Arena Polo

Last night, Jess and I, along with some coworkers went to a Arena Polo match. Arena polo is like unto polo, but played on a smaller field of dirt with less players. We were quite excited to see a polo match, plus a champagne company was sponsoring the event, so we thought this was going to be quite the experience. When we drove up to the venue, we couldn't believe the collection of cars parked in the area: Jaguars, Maseratis, Aston Martins, and Bentleys. Our Belgian friends even spotted the most famous model of Belgium at the event. This was some high class living!

Or so we thought. As soon as we arrived at the welcoming gates, our names were not on the VIP list, like initially believed. We had to buy tickets. Glasses of champagne were not handed out freely as supposed, but were limited to one glass per person and if you wanted an extra it was €10 (here's a cheers to not drinking - soft drinks were only €3). We thought there was going to be a delicious dinner served. But, come to find out, that was reserved only for the VIPs (or all of the people driving the Jaguars, Maseratis, Aston Martins, and Bentleys). So we ended up buying and eating the only food they had for regular stiffs like us, Argentinian epinadas, which were actually quite tasty.

Watching the arena polo match was really what we were there for and it proved to be quite a treat. It was fun to watch the horses and players on the small dirt court (normal polo matches are played on a area as large as 6 soccer fields!). The horses were switched out every quarter (which are 7 minutes long) to rest. And the ball flew into the audience quite a number of times. This takes some skills. It's awesome, fast, furious, amazing. See the action below.


Late Dinner

At home growing up, dinner time was usually around 5:30pm and I haven't been able to get used to eating dinner later than that ever since. I think my stomach became used to and enjoyed it back then and has been fighting for it to stay that way ever since.

Back in the States, I get home from work around 5pm and I'm ready to eat as soon as I've made something, which is around 5:30pm. However, Jess doesn't get home from his day's activities until 6:30pm, in fact, it is closer to 7pm, so, after I eat a snack and possibly half of my serving of dinner, we sit down to dinner at 7:30pm, Jess to his full plate and me to what's left of mine.

Here in Europe, dinner's even later. Again, when 5:30 rolls around, I'm ready for my final meal of the day, while everyone here is still digesting their lunch. When we visited Paris, we met up with a Parisian friend of Jess' around 6:15pm. I was famished and suggested one of our activities during the evening should be dinner (which subtly meant, "I'm hungry right now. Let's eat!). He mentioned, "Parisians eat around 8:30pm, so around that time, we'll look for places to eat, sound good?" When in Paris, eat when Parisians do, right? My stomach wasn't satisfied with my Parisian-for-a-day attitude.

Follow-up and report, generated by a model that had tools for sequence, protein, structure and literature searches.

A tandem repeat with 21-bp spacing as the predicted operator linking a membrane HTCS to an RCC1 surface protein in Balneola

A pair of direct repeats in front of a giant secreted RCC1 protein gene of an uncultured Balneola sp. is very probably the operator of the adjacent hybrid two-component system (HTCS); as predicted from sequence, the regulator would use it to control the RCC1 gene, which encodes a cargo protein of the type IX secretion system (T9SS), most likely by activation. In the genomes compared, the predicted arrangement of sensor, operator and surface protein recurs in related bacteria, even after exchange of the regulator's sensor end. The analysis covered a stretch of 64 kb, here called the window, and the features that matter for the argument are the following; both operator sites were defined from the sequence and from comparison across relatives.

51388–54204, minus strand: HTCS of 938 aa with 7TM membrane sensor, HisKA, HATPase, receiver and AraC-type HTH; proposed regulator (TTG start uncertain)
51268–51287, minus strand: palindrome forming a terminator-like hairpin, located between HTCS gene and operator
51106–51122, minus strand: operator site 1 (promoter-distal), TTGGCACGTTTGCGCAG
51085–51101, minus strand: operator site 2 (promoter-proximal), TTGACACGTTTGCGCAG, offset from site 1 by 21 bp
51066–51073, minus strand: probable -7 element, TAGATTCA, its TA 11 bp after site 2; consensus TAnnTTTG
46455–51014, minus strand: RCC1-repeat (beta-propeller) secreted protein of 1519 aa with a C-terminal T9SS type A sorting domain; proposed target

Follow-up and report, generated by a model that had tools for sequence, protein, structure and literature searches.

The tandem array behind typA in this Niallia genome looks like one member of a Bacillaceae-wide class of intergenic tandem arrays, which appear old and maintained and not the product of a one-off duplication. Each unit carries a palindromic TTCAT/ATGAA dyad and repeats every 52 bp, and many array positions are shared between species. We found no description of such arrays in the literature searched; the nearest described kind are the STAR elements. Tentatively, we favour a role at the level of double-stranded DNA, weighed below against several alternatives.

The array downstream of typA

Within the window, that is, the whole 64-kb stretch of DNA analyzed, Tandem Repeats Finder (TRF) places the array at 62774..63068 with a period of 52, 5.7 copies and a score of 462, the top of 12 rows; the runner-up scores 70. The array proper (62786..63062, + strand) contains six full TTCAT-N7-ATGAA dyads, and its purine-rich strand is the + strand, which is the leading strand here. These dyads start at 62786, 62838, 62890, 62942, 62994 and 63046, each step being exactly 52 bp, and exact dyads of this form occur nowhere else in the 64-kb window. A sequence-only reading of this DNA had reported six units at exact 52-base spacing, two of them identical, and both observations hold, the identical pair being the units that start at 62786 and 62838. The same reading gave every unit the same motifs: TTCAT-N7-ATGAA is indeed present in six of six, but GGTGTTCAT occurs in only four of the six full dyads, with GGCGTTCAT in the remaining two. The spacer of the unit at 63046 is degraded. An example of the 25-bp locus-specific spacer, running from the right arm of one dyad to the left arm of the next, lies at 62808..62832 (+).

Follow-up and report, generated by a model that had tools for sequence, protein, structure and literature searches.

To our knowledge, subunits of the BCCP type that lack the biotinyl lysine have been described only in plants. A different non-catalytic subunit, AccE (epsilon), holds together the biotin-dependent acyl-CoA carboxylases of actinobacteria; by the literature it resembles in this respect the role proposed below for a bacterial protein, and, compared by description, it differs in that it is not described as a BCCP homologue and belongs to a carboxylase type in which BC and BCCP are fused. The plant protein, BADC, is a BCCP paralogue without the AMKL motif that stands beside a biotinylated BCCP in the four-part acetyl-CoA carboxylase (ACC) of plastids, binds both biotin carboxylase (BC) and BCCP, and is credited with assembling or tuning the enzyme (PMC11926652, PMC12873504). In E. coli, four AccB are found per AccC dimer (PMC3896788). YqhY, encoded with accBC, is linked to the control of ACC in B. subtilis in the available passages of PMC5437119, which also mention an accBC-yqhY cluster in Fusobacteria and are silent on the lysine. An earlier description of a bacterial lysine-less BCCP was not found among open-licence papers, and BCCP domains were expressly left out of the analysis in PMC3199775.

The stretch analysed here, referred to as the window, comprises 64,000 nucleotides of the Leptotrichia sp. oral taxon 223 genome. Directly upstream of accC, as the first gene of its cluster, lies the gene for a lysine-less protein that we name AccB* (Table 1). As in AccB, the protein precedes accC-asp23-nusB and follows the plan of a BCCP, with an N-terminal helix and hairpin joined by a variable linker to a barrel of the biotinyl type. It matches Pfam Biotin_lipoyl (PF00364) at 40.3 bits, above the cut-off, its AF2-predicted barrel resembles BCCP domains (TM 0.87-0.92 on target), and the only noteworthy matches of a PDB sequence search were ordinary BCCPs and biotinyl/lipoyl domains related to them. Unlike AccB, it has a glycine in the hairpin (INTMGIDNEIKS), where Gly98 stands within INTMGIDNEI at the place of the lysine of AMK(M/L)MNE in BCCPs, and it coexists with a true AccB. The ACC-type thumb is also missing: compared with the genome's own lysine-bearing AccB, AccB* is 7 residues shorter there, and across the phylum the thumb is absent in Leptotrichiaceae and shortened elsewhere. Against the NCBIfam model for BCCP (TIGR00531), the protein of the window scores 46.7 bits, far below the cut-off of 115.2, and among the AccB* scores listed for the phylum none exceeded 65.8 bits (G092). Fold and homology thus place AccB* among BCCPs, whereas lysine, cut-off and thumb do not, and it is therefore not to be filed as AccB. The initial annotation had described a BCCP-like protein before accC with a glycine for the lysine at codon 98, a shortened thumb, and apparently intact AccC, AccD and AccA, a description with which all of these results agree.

Tonight, we have the opportunity to go on a firm outing to visit a museum in Brussels and then enjoy dinner. . . around 9pm. Jess sent me this information in an email earlier today and explained, "It appears that we are eating dinner - but it will be at 9:00 so you may want to eat a snack first." Wise words.

My stomach and meal schedule aren't crazy. Case in point: if you wake up and eat breakfast at 7:30pm, 5:30pm really is the perfect time to eat dinner. With a 5 hour break between meals, here's the schedule:
7:30am: breakfast
12:30pm: lunch
5:30pm: dinner
If you're eating dinner at 9pm, according to my theory, you've woken up at 11am. Very scientific you see.


Fish n' chips

This past weekend we made our way through the Chunnel and arrived in London early Saturday morning. There were loads of things to do. One of my favorites was visiting Shakespeare's Globe Theatre. There, we watched a great rendition of King Lear, which I had never read or seen before, but found it to be quite good, although a horrible tragedy. We watched the play for 3 hours, while standing. We could go right up to the stage, rest our elbows on it, and see the spit fly when the actors shouted monologues. The price for a standing verses a sitting ticket was 5 and 27.50 pounds respectively. Wouldn't you have done the same?